It’s clear that the strain of secular modernity within the Arab and Islamic world, particularly in North Africa and through the Middle East, is finally being felt as it conflicts with the conservatism of Islamic law and its struggle for control of the state. It is polarising the peoples of many Arab and Islamic nations where the repercussions of the Arab Spring revolutions are now being felt in a myriad of ways as it ripples through the region.
Islam will likely remain the dominant religion of these regions even among the secular modernists who would prefer to be free of the constraints of some of the stricter aspects of Sharia law. For this reason Islamic movements such as the Muslim Brotherhood are suffering setbacks that have recently manifested themselves in the form of revolt against their power, power that was won only as recently as the advent of the Arab Spring revolutions when conservative Islam offered a way out of the grip of corrupt secular dictators.
The Syrian civil war has exposed the deep rifts between secularist Muslims who oppose their dictatorial leaders but also oppose the conservative Islamist fighters that have enjoined them to fight the dictator, and then, within all that, is the added antagonisms of Sunni and Shia sectarianism. The mess in Syria is antagonised even further still by in-fighting among the various Sunni jihadist groups and between the secularists and the jihadists. Emerging from the turmoil is the apparent successes the secular Shia dictator is enjoying with the help of Shia Iran and their allies in Lebanon, Hezbollah, who are taking full advantage of the turmoil within their enemies’ ranks.
In Egypt some 90% of the population are Muslims and, of those, some 2.5% to 3% are Shia while the rest are Sunni. Around 9% of the population are Coptic Christians and around 1% of the population are other denominations of Christians. Within the predominately Sunni Muslim Egyptian community there is a powerful conservative lobby known as the Muslim Brotherhood. It is this group that took the lead in fomenting the revolt that led to the demise of the secular dictatorial regime of Hosni Murbarak but only after secularists had initiated the revolt. The Islamists eventually won power via the ballot box and Morsi became their President. But things haven’t moved forward as the people had hoped. The secularists among the Sunni component of the Egyptian population demanded Morsi step down. When he refused, the secularly inclined military stepped in and pulled him down.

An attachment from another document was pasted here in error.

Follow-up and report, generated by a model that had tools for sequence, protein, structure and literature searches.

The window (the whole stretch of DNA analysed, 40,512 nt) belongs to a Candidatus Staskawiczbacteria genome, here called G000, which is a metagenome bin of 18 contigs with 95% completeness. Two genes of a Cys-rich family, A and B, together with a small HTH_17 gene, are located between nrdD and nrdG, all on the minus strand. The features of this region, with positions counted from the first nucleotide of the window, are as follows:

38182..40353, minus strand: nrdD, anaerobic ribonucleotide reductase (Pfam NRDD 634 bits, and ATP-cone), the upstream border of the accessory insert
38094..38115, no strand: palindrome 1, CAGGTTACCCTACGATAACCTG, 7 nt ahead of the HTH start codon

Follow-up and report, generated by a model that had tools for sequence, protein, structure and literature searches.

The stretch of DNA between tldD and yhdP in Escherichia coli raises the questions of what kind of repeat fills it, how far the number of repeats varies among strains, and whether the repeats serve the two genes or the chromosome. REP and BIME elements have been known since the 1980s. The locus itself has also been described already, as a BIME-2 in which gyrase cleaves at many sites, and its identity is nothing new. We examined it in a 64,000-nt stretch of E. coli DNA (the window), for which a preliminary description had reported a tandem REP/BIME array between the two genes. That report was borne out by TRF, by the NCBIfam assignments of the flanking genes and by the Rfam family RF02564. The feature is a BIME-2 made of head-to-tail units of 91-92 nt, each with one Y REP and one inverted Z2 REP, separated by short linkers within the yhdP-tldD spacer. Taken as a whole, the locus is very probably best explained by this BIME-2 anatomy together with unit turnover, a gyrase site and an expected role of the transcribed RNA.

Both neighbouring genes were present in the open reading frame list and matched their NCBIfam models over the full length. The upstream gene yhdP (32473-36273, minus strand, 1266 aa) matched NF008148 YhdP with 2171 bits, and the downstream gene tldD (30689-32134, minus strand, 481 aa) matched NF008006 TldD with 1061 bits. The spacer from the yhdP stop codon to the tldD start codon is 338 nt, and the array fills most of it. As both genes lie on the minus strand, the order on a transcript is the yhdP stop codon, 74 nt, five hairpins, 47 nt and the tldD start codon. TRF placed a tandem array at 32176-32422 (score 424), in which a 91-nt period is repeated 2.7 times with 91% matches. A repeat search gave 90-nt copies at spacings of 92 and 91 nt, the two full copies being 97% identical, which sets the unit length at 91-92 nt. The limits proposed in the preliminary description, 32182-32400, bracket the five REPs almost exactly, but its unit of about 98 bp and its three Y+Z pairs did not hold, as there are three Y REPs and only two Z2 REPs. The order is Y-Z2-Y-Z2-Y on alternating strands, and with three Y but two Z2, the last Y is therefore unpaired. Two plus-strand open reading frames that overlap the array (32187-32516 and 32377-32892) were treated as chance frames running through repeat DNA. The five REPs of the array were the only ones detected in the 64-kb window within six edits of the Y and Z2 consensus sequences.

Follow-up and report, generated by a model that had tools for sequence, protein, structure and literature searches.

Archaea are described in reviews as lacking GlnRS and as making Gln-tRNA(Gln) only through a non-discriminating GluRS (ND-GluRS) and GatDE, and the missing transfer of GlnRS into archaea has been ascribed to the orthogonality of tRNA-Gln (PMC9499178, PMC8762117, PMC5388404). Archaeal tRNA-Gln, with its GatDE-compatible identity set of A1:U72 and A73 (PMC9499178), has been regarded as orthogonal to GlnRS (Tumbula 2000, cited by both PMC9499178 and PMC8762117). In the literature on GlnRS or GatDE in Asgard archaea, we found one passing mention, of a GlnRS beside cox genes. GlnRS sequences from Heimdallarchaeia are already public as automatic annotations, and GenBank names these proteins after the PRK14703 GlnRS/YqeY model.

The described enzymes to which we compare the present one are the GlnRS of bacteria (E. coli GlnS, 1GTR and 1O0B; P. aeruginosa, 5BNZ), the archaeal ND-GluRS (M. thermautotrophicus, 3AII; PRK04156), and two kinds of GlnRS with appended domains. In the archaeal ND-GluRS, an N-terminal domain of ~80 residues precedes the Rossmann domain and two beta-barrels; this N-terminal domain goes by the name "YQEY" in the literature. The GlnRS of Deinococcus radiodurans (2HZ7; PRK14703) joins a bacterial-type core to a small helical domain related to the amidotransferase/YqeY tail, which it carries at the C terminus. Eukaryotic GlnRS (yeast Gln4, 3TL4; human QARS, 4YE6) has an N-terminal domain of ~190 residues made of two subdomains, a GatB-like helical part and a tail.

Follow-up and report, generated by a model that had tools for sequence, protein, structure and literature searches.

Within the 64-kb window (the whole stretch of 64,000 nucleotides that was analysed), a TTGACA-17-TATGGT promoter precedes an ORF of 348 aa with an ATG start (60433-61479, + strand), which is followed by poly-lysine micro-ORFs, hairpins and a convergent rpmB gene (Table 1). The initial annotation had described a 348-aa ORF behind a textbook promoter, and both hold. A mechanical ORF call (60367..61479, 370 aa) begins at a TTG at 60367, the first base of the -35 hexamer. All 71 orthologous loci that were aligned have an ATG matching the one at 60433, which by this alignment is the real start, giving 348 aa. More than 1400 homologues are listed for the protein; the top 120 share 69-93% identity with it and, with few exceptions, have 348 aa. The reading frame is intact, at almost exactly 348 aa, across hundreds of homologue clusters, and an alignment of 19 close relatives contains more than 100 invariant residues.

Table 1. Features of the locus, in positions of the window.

This scenario is now being duplicated in Tunisia and Libya where secularists have grown weary of the initial enthusiasm they had for Islamists during the Arab Spring.
The battle now, it seems, is between secular modernists who want to be part of the global community adopting universal values of liberal tolerance towards social issues such as attitudes towards women, homosexuality and human rights while retaining their religion, and, on the other side, conservative Islam, the hardliners of which hanker for a strict society ordered entirely by Sharia law while the extremists fight for a pan-Islamic caliphate that crosses the borders and boundaries of Islamic nations arching around three-quarters of the planet.
When Morsi first became president after the elections it seemed a happy medium had been struck but as time went on hardliners among the Muslim Brotherhood gained increasing influence in government. This influence may well have been tolerated if it had been accompanied by an increase in economic prosperity but instead the economy simply got worse and everyday living became increasingly difficult. A similar story has unfolded for Tunisia and Libya. The initial flush of enthusiasm for a moderate Islamic-dominated government has given way to disappointment and disillusionment which has now divided Islamic people throughout North Africa and across the Middle East.
The issues are complex and the causes are varied, but for sure, the West must take some of the blame for the turmoil that now exists. It was the West’s support of the dictators that ultimately led to the Arab Spring revolutions and it was the West’s intrusions into Islamic lands that has led to the radicalisation of Islam.